• rapid destruction of the denture-bearing bone;
  • the production of a flabby ridge (see Chapter 16);
  • complaints of a loose denture;
  • a deteriorating appearance as the denture sinks into the tissues;
  • fracture of the denture base.

The problems are accentuated in the lower jaw because the denture-bearing area is smaller.

Serious consideration must be given to preventing these problems from developing. The first step is to warn the patient of the possible consequences and arrange for regular inspection and maintenance to reduce the possibility of rapid, damaging resorption. If sufficient thought has been given to the problem in advance, it may be possible to utilise selected teeth as overdenture abutments so as to improve the loading on the underlying bone. It would be very rare for the clinician to consider trying to reduce the occlusal loads by extracting sound teeth in the opposing arch.

Over-eruption of the teeth

Extraction of over-erupted teeth may be required because they:

  • excessively reduce the vertical space available for the opposing prosthesis;
  • have a poor appearance.

In appropriate cases, endodontic therapy followed by decoronation of over-erupted teeth (so that they can be used as overdenture abutments) might be the preferred alternative approach. This also has the marked advantage that decoronating the tooth markedly improves its crownroot ratio and, therefore, creates a more favourable loading, usually resulting in a considerable reduction in mobility.

Age and health of the patient

As mentioned in Chapter 2, advancing years, frequently coupled by worsening health, may reduce the patient’s ability to adapt successfully to complete dentures. This places the clinician on the horns of a dilemma when planning the timing of the extraction of teeth that have an uncertain prognosis:

  • Extract the remaining teeth earlier? On the one hand, the teeth may be expected to have a few more years of useful life, but delaying extractions until they are unavoidable may postpone the patient’s first experience of complete dentures to a time when ageing has seriously reduced adaptive capability. As a result, the patient may find it difficult, or even impossible, to cope with complete dentures when they are eventually fitted. It may therefore be argued that the best approach under such circumstances is to extract the teeth sooner rather than later so that the patient stands a better chance of adapting successfully to complete dentures. Better still, though, would be a planned progression through transitional partial dentures, the undertaking of endodontics on selected teeth for later overdenture support and eventually the conversion of the partial denture to a simple complete overdenture.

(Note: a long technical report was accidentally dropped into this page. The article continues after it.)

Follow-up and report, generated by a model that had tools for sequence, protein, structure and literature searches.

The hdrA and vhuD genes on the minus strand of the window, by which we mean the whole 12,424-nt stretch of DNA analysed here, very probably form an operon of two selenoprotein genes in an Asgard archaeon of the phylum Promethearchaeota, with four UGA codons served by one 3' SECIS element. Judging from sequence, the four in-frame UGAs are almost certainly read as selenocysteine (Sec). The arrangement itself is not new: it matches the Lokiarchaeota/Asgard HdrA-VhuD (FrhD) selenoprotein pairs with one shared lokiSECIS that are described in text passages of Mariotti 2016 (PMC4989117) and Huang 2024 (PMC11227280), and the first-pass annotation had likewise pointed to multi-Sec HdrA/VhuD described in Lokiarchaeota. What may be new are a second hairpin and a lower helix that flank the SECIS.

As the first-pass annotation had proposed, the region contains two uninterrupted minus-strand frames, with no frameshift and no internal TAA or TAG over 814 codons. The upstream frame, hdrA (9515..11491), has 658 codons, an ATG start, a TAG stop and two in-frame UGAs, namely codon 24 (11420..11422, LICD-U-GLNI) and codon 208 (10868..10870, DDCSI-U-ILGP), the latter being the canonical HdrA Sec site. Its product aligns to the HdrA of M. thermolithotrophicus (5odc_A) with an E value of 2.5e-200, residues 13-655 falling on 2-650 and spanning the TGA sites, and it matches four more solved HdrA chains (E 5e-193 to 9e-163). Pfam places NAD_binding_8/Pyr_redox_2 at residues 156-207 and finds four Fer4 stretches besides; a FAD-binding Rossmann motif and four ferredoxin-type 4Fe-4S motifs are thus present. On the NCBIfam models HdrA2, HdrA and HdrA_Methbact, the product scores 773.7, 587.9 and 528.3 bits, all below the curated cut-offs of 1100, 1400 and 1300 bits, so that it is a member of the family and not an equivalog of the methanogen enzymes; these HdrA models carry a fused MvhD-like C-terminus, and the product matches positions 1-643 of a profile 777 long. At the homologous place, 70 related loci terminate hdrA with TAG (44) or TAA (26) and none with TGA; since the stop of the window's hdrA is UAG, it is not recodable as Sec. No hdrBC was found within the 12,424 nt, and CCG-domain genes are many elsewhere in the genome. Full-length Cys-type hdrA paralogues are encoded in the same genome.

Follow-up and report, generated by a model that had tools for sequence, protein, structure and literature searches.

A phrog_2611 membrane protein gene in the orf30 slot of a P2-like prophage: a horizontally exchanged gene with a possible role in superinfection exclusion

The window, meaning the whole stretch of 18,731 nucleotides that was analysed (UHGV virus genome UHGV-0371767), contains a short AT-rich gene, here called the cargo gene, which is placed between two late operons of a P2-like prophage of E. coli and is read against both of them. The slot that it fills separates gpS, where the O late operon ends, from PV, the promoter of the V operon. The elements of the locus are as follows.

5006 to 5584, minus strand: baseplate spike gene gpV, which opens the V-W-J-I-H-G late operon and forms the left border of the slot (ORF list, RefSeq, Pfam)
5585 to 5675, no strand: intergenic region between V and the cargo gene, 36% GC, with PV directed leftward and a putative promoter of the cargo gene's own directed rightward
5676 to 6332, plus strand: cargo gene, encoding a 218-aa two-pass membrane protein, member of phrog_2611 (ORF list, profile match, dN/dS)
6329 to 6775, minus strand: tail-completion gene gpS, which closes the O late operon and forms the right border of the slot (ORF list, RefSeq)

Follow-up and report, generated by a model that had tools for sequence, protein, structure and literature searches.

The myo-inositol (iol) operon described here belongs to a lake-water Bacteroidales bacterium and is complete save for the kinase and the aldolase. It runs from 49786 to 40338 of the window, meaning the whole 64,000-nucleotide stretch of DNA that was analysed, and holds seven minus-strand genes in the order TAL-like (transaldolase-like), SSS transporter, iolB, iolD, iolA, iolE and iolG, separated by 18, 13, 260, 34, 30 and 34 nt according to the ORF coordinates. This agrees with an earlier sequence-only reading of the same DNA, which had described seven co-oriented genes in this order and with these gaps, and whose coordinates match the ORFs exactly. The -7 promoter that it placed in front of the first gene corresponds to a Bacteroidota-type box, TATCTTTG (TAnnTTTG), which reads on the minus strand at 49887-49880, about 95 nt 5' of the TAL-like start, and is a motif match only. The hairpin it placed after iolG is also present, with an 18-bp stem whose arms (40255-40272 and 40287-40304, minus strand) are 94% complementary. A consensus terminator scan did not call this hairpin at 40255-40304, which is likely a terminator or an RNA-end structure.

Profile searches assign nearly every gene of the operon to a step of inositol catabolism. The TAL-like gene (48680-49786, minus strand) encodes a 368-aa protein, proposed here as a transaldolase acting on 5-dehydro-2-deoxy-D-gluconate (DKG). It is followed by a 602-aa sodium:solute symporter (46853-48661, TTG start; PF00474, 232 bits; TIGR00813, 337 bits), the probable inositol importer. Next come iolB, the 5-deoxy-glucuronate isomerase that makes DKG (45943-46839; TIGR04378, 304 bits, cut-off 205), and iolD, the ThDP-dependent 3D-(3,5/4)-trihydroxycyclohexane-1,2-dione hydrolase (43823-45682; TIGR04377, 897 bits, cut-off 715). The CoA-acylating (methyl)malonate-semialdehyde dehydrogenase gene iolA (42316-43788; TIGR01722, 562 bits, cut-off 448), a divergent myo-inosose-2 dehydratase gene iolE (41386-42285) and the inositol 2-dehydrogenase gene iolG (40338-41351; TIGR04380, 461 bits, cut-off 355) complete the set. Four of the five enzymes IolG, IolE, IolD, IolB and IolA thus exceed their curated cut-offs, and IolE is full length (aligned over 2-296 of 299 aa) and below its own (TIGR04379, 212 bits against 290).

• Extract the remaining teeth later? As the rate of biological ageing and reduction in adaptive capability vary greatly from one patient to another, it is not possible to identify accurately a cut-off point in years at which extractions should be carried out for the reason outlined above. It is true that early extractions may reduce problems of adaptation to dentures, but this advantage must be balanced against the immediate probability of reduced oral function and comfort in a patient who may be happy with a few remaining natural teeth and, perhaps, a partial denture.

The correct way out of the dilemma of whether or not to take the irrevocable step of a dental clearance may be determined by delaying the decision and placing the patient on a programme of regular review appointments. At each appointment, an assessment can be made of the rate of deterioration of the patient’s dentition, and thus a clearer picture will emerge of the probable life of the teeth and their value to the patient. A somewhat crude judgement is to assess the health of the patient and the teeth and try to answer the question, ‘Is the patient likely to outlive the remaining useful natural teeth, or is the reverse more likely to occur?’ When it seems probable that the patient will outlive the remaining teeth in their current form, the first step should be the consideration of a staged transition, from partial dentures through to overdentures and, only if necessary, to conventional complete dentures. This way any decision to take action can be moderated by the patient’s response to each phase of treatment.